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Bloomington approves "Managed competition," gives Hales raise

Tue, 23 Apr 2013 09:20:35 CDT
By: Rachel Darling

Bloomington approves Last night's Council meeting addressed what Mayor Steve Stockton called "a cloud over our employees" at last night's meeting. Mayor Stockton says the managed competition policy created by City Manager David Hales has been "incorrectly labeled a recipe for outsourcing"...


"What we really want to do with this is something that we think our tax payers and voters expect us to do --and that is to spend their dollars responsibly. Now does that mean it has to be spent with contractors? No."

He says that the policy implies the need for "partnership" and "trust." Alderman Judy Stearns says the policy "has hurt city morale." Alderman Mboka Mwilambwe expressed concern about the terms "Managed Competition" and "partnership" in the policy...


"Both are being used back and forth and that lends itself lead to confusion."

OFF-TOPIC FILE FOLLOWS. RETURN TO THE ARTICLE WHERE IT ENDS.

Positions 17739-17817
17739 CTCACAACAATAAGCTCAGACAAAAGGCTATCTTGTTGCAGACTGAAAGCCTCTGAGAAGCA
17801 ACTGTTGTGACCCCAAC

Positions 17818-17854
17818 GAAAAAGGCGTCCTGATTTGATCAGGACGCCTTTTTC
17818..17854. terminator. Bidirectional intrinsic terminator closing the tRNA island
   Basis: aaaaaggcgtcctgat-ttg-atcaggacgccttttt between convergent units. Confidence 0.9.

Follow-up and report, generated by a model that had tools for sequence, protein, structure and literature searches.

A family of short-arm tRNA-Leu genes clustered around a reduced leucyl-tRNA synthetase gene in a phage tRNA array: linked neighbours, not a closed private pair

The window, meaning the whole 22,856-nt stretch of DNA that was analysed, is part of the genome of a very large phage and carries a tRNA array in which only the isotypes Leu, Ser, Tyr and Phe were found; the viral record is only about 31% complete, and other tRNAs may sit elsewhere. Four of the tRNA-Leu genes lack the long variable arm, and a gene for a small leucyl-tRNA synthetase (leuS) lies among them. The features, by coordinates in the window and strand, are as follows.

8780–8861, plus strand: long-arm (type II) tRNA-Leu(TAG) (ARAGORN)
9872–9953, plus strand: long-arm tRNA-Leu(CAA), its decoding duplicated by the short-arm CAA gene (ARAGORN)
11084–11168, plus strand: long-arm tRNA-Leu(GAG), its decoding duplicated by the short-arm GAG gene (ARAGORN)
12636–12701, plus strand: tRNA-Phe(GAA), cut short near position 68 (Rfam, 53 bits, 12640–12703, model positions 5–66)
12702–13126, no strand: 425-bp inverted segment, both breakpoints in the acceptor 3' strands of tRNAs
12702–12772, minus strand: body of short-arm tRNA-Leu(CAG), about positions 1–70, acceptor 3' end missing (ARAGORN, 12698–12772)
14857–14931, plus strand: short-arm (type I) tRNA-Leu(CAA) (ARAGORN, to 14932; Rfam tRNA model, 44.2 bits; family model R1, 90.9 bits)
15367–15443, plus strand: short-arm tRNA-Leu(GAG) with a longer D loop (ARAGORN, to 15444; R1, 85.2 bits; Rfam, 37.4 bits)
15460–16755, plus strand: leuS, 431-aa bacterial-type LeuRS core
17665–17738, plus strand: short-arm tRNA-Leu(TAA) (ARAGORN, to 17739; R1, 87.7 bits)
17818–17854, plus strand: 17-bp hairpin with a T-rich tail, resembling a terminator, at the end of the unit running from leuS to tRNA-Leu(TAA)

Alderman Mwilambwe says the term "Managed Competition" implies there are "winners and losers." Alderman Jennifer McDade says "big ideas" are expressed by the policy, but the Council should not be bound by it...


"The bottom line is: it's not going to create trust, its not going to create empowerment, it's not going to lead us down the path to innovation."

Alderman Robert Fazzini says the policy "is about efficiency." The motion passed, with Alderman McDade and Stearns abstaining.

Last night's meeting also saw the approval of a four-year contract including a $21,000 dollar raise for City Manager David Hales after much discussion at last night's meeting. Mayor Steve Stockton called Hales' work "exceptional." Stockton says Hales has not received a raise in four years...


"Now the City Manager's salary has not been increased since he was hired in 2009, at a salary level of $150,000 dollars, other employees have, in fact, been given annual consideration."

Hales' salary has increased to $171,000 dollars, a 14% increase that breaks down to 3.5% a year for the past four years. Alderman David Osage highlighted savings Hales' efforts created for the city.
Alderman Judy Stearns says the increase and its timing before the newly elected council and mayor can act is "troubling" and "ill thought out." The ordinance passed almost unanimously with Alderman Stearns abstaining.

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